Cryptocurrency Traders Prefer Not To Pay Taxes

Cryptocurrency Traders Prefer Not To Pay Taxes

People hate to pay their taxes. At least that’s what the recent report by Credit Karma Tax suggests. When traders have to file their cryptocurrency earnings, they are reluctant to do so. For the uninitiated, Credit Karma is the fifth largest e-filing service in the USA.

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People hate to pay their taxes. At least that’s what the recent report by Credit Karma Tax suggests. When traders have to file their cryptocurrency earnings, they are reluctant to do so. For the uninitiated, Credit Karma is the fifth largest e-filing service in the USA.

Since the beginning of 2018, 250,000 federal tax returns have been filed but fewer than 100 are related to cryptocurrency gains and losses. These numbers make less than 0.04%. However, the company’s general manager expects that the number will increase in the following months, “Generally, Americans with more complex tax situations file later in the tax season, especially if they expect that they’ll owe money.”

Credit Karma reports quite interesting statistics when it comes to demographic data. More than 54% of all filers are millennials, while citizens over 55 make just 14% of all filers. Reuters suggests that the great interest in cryptocurrencies has contributed to these statistics. Nevertheless, the authorities are probably concerned by the small percentage of crypto-related tax filings. It just goes to show that regulations on crypto assets are hard to execute and the reason is, experienced traders know how to cover their tracks.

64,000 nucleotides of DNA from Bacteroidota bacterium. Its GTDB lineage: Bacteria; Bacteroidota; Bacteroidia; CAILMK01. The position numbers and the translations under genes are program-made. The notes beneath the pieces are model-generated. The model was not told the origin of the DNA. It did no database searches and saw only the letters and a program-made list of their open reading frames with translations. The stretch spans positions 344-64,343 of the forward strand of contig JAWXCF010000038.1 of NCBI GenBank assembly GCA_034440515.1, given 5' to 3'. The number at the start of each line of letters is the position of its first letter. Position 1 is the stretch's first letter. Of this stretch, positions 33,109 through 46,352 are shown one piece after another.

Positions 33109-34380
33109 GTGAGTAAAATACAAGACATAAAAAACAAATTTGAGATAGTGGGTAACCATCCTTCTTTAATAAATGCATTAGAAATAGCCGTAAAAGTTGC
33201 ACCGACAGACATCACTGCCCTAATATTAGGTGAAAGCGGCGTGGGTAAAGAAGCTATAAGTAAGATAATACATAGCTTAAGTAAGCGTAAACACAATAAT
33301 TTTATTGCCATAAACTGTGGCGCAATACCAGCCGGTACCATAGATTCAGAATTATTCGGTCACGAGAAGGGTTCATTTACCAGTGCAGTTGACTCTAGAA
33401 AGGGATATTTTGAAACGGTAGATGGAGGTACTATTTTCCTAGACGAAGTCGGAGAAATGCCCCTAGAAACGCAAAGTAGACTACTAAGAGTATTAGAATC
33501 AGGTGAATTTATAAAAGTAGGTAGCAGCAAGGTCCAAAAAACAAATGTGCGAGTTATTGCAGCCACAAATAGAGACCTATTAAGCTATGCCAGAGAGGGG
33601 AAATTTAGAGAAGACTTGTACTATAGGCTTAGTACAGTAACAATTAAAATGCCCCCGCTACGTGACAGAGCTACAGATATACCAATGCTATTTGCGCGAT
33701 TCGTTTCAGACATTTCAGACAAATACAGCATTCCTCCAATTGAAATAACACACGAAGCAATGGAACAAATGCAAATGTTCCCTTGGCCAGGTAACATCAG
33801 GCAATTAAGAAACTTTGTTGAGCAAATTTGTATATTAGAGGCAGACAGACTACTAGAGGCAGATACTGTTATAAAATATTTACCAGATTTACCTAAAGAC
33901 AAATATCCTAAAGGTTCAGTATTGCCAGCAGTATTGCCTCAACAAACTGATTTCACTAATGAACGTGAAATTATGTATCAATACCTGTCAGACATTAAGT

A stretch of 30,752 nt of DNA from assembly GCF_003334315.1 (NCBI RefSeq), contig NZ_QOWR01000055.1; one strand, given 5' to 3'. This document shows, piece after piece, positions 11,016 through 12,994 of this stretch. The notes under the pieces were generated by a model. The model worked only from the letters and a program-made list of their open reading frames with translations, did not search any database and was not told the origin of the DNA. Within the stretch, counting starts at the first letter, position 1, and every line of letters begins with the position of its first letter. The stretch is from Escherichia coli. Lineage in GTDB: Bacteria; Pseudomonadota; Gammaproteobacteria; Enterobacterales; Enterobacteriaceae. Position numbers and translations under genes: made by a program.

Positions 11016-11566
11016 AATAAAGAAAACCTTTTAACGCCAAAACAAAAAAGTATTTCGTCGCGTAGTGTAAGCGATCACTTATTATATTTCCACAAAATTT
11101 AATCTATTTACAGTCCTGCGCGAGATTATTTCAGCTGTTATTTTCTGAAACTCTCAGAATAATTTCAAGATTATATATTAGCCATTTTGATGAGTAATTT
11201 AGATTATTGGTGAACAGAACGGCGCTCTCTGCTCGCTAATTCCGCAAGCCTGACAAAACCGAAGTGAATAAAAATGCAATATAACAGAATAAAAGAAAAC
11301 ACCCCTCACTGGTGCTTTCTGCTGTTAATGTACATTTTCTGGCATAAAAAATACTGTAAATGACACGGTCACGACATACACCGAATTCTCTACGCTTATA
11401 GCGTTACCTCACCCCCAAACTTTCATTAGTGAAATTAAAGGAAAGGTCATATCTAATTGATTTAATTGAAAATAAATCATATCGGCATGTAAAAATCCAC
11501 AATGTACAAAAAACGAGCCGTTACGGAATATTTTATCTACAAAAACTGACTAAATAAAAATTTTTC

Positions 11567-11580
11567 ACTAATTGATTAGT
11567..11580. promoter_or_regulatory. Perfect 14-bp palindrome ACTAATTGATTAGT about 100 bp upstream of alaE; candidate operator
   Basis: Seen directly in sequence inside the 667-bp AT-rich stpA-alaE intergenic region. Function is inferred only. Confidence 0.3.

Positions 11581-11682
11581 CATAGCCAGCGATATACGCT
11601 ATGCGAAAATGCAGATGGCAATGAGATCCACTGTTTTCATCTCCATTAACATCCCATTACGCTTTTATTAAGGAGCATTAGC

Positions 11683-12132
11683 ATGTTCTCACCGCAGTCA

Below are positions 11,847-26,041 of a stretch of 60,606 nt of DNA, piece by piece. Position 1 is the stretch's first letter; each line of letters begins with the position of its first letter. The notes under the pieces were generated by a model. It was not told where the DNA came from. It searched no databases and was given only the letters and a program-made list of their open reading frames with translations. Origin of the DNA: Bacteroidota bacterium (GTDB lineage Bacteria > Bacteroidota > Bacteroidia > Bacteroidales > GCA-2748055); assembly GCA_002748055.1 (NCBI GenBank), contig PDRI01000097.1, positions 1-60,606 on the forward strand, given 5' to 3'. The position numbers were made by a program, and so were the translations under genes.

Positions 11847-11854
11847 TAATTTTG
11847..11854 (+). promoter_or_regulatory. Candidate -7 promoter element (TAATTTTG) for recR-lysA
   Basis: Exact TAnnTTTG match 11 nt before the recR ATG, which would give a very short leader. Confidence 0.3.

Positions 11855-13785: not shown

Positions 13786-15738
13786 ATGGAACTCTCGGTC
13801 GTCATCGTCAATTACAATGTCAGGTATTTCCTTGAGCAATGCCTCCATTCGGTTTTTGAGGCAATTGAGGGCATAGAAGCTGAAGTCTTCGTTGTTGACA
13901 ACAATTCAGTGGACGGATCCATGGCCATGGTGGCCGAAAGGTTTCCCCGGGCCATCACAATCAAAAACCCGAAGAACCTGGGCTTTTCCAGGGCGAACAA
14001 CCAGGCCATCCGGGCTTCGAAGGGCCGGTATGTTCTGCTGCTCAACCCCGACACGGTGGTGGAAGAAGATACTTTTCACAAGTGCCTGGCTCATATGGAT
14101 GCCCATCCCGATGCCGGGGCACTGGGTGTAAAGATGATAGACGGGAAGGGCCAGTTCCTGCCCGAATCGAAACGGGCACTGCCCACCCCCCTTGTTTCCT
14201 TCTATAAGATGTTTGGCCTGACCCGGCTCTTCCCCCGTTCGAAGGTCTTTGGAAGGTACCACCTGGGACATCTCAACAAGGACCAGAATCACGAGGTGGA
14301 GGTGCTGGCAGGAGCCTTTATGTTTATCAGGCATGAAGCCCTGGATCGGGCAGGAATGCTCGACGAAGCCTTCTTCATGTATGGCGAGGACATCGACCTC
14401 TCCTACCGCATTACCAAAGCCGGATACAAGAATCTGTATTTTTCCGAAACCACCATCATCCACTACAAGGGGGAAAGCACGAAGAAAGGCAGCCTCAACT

Brandon Williams, who is a former banker, currently executes at least two cryptocurrency transactions per day. But unlike the majority of crypto geeks, he uses a proper software that tracks his trades, so he can further tax them.

The Internal Revenue Service deems digital currencies as properties and under that definition, they are taxable. Miners who profit from their rigs should also pay taxes, according to IRS. However, Williams believes that cryptos have to be treated as currencies rather than properties. The Internal Revenue Service is yet to make the final decision.

It is hardly that a survey conducted by Pollfish revealed that two-thirds of American cryptocurrency traders are going to report their income from digital assets.

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